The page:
“Have you forgotten?”
For middle age Armando, exceptionally played by Alfredo Castro, “forgive and forget” it’s a motto he is not so keen to live by as we learn from “accompanying” him on this anguish tale of unpredictable and damaged relationships.
“From Afar”, showing at this year’s Glasgow Film Festival, is the debut striking feature of Venezuelan director Lorenzo Vigas, and explores the unlikely relationship between Armando and Elder, a teenager thug, focusing on how they interact with each other and with their own personal issues.
A father-son, son-father dynamic is established after a turbulent first encounter – fuelled by dysfunctional families, depression, loneliness and desire.
If on one hand Armando cruises the streets of Caracas looking for young men for dispensable sex, in a clear attempt to mirror the probable abuse he suffered from his own dad.
On the other hand Elder found in Armando the caring father figure he never knew existed, since his own father used to “beat me senseless to show me how a man should be.”
Much of the action in the film is based on the actors’ body language and facial expressions rather than dialogues.
This gives a slow pace to the story – there are a lot of silent scenes – and, at the same time, it highlights the acting skills of both main actors and the mood given to the film. A mix of drama and thriller where we feel the anticipation that something is going to happen even if just for the feeling.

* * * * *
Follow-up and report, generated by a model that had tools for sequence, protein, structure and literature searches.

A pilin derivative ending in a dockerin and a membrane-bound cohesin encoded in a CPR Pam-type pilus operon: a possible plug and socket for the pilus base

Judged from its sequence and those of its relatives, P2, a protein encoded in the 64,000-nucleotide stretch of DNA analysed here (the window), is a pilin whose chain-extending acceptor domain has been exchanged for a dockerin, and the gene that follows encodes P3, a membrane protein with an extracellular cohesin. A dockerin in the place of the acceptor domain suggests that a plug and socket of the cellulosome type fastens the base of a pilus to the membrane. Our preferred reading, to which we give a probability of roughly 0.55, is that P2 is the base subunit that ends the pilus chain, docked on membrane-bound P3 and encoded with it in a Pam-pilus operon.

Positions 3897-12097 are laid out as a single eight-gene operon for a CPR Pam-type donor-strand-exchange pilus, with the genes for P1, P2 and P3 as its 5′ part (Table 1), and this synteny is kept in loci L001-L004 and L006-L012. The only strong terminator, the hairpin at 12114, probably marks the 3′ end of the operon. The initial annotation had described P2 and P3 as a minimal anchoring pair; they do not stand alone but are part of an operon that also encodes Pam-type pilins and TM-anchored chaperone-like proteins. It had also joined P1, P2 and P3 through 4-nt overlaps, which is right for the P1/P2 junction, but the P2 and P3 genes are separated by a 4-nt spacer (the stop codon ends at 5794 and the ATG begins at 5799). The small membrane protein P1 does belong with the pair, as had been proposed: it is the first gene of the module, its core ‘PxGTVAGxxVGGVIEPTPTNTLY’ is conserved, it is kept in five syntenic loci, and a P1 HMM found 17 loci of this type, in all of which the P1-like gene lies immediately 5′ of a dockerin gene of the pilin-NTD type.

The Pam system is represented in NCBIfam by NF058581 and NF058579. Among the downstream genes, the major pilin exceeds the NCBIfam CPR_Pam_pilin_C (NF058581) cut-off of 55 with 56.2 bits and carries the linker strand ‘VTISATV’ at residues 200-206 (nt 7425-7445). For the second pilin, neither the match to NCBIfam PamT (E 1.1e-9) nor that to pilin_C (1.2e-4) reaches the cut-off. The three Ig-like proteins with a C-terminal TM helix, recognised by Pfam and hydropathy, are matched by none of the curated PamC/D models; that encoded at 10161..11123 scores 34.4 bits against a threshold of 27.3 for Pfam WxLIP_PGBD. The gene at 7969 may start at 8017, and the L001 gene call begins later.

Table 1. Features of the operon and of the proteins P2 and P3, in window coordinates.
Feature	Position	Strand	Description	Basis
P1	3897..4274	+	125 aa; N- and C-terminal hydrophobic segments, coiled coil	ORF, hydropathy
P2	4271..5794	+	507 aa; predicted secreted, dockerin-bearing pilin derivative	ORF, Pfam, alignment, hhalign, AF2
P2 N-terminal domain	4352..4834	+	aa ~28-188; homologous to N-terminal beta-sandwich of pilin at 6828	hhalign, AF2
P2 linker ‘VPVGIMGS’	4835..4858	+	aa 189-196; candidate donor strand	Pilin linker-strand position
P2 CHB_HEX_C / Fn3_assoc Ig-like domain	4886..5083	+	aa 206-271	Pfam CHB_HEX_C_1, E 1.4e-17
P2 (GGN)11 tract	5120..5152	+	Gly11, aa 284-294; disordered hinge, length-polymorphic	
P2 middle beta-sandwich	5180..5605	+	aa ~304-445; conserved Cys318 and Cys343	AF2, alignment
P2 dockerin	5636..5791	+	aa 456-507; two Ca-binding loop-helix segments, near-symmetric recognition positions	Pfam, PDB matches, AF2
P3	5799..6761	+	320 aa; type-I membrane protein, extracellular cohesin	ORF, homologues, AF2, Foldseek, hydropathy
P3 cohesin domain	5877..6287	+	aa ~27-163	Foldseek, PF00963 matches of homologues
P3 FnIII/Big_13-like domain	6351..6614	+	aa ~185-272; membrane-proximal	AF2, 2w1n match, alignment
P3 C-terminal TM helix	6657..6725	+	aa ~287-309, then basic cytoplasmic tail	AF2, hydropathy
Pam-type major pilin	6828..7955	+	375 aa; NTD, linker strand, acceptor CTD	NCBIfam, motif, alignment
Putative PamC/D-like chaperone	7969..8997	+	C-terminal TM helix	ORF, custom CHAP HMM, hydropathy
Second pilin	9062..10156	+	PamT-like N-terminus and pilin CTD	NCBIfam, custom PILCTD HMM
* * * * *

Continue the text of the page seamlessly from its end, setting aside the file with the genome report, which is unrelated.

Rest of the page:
Castro is a veteran highly praised actor while Luis Silva, who plays Elder, is debuting on the big screen.
This discrepancy between the actors’ professional experience worked really well here. The director, who deliberately kept the two apart until filming, said: “With this project I mixed professional and non-professional actors, and it turned out to be an excellent way of creating tension, and that goes well with the form of the movie”.
Beautifully shot on the streets of the Venezuelan capital, the photography is so amazing that you have the impression that it’s a film set rather than actually Caracas.
The film, which went on to win the Golden Lion at last year’s Venice International Film Festival, is part of the Audience Award at the GFF 16, and have good chances to repeat the same success in Glasgow even if there are quite a few holes in the story and the viewer will leave the cinema with many unanswered questions.
Perhaps, because this is a second part on a trilogy, some of those questions could possibly be explored in the director’s next project.
In the meantime it’s worth to watch From Afar.